(CNN) -- "Mad As Hell Day" falls on Thursday, according to a group of consumer and professional travel organizations that have banded together to oppose hidden airline fees.
To mark the day, the American Society of Travel Agents, the Business Travel Coaliton and the Consumer Travel Alliance submitted a petition with more than 50,000 signatures collected via MadAsHellAboutHiddenFees.com to the Department of Transportation in support of a proposed rule that would require airlines to clearly inform consumers about fees for optional services.
Thursday is the last day of a public comment period on a series of enhanced airline passenger protections proposed by the agency in June. The DOT expects to issue a final rule in spring 2011.
"It is absolutely imperative that consumers have the opportunity that they've had in the past to make comparative price decisions, to understand the total cost, the all-in price," said Paul Ruden, ASTA's senior vice president for legal and industry affairs.
The Mad As Hell group also supports the DOT's proposal to require airlines to provide the same information about optional airline fees to the distribution systems used by online and brick-and-mortar travel agencies. Fifty to 60 percent of airline revenue earned in the United States comes through these independent distributors, Ruden said.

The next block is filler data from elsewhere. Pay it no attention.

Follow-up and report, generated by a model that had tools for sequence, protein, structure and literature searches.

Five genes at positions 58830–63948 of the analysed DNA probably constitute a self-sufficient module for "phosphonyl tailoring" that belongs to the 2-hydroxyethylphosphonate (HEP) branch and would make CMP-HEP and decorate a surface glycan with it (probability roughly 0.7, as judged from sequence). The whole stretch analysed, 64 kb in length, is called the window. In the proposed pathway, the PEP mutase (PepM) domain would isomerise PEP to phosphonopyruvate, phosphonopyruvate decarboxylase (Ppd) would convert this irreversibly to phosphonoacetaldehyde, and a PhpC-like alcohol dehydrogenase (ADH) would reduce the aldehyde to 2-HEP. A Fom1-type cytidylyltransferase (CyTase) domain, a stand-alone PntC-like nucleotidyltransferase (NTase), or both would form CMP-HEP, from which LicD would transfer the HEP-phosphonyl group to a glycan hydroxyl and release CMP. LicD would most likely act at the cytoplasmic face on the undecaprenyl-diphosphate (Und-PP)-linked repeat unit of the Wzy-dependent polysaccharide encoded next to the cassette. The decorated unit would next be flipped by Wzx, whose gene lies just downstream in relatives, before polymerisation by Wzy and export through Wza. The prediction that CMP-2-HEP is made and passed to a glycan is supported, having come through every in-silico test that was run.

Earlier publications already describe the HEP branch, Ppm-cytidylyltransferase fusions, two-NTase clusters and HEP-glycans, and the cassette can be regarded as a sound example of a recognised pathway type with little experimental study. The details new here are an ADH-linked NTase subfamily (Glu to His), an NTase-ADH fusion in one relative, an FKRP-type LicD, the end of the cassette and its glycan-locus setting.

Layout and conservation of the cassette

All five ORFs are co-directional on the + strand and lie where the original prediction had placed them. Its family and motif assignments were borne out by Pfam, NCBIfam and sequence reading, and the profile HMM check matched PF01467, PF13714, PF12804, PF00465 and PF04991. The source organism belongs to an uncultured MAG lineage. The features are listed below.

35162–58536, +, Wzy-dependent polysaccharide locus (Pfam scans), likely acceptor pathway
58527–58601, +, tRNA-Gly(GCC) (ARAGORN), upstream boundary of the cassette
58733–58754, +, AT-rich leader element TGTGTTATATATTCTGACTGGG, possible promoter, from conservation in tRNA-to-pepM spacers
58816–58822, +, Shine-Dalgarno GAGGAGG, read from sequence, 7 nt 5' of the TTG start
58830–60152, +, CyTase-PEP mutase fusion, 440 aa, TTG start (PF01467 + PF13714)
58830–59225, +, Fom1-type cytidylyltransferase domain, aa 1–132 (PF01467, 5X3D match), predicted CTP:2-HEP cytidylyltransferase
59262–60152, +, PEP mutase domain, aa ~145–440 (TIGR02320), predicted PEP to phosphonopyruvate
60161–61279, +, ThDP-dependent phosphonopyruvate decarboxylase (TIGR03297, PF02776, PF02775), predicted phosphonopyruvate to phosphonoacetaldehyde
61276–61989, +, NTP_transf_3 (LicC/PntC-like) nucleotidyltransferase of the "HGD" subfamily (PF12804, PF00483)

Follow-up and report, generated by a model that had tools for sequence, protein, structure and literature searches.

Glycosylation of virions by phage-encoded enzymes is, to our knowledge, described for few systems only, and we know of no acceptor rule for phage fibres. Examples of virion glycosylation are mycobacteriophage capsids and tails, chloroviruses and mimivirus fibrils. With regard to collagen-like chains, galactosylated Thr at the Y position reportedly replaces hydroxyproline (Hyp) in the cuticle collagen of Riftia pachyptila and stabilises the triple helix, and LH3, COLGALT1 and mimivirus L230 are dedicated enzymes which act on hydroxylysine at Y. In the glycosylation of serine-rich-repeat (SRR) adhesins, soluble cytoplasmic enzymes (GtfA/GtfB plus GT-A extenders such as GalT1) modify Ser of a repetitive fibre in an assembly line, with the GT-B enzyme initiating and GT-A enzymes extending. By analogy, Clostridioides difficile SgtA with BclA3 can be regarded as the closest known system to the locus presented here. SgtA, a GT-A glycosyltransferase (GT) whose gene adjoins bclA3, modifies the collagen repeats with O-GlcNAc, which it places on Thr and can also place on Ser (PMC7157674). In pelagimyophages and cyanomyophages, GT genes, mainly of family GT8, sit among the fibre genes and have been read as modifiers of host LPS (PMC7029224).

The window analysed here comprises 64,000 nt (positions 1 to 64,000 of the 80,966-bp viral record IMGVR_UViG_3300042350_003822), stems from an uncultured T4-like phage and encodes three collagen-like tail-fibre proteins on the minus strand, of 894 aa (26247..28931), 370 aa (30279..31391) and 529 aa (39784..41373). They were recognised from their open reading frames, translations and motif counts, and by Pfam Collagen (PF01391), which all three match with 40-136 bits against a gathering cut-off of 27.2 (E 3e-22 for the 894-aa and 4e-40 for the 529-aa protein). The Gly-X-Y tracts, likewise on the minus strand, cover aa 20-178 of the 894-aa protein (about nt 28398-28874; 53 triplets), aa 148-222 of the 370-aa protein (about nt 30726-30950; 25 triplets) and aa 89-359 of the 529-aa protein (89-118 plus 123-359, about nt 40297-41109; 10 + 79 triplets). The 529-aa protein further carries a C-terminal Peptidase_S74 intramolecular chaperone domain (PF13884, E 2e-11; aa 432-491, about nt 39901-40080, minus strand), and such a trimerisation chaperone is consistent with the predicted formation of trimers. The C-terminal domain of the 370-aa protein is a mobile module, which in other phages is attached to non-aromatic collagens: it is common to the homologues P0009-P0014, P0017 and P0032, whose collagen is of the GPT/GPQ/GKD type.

The Air Transport Association of America, the nation's largest airline trade group, also plans to submit detailed comments about the proposed rules to the DOT on Thursday.
"We are working to provide more transparency, making it easier for customers to make decisions. Those recommendations will be further identified [Thursday], but there will be some of the DOT recommendations that simply are not practical or efficient," said David Castelveter, the ATA's vice president of communications.
"Let's not lose sight of the fact that the airlines today do provide a high level of transparency on their websites," he said.
The fees themselves are not the issue for the Mad As Hell organizations, but they say consumers must be able to compare prices of all-inclusive fares across airlines.
"[The fees] do reflect an increase in cost in air travel, for the most part. That said, the airline industry is an economic wasteland," Ruden said. "It has to have a means of functioning economically. The economy requires it and the public requires it."
Consumer fee outrage has been mounting as airlines increasingly "unbundle" charges for services that historically were included in the price of a ticket.
In the second quarter of 2010, airlines collected $2.1 billion in ancillary fees, which include charges for checked bags, ticket changes, pet transportation and other fees, according to the Bureau of Transportation Statistics.
That figure represents a 15 percent increase from the same quarter last year. Baggage fee revenue is up 33 percent for the second quarter year over year.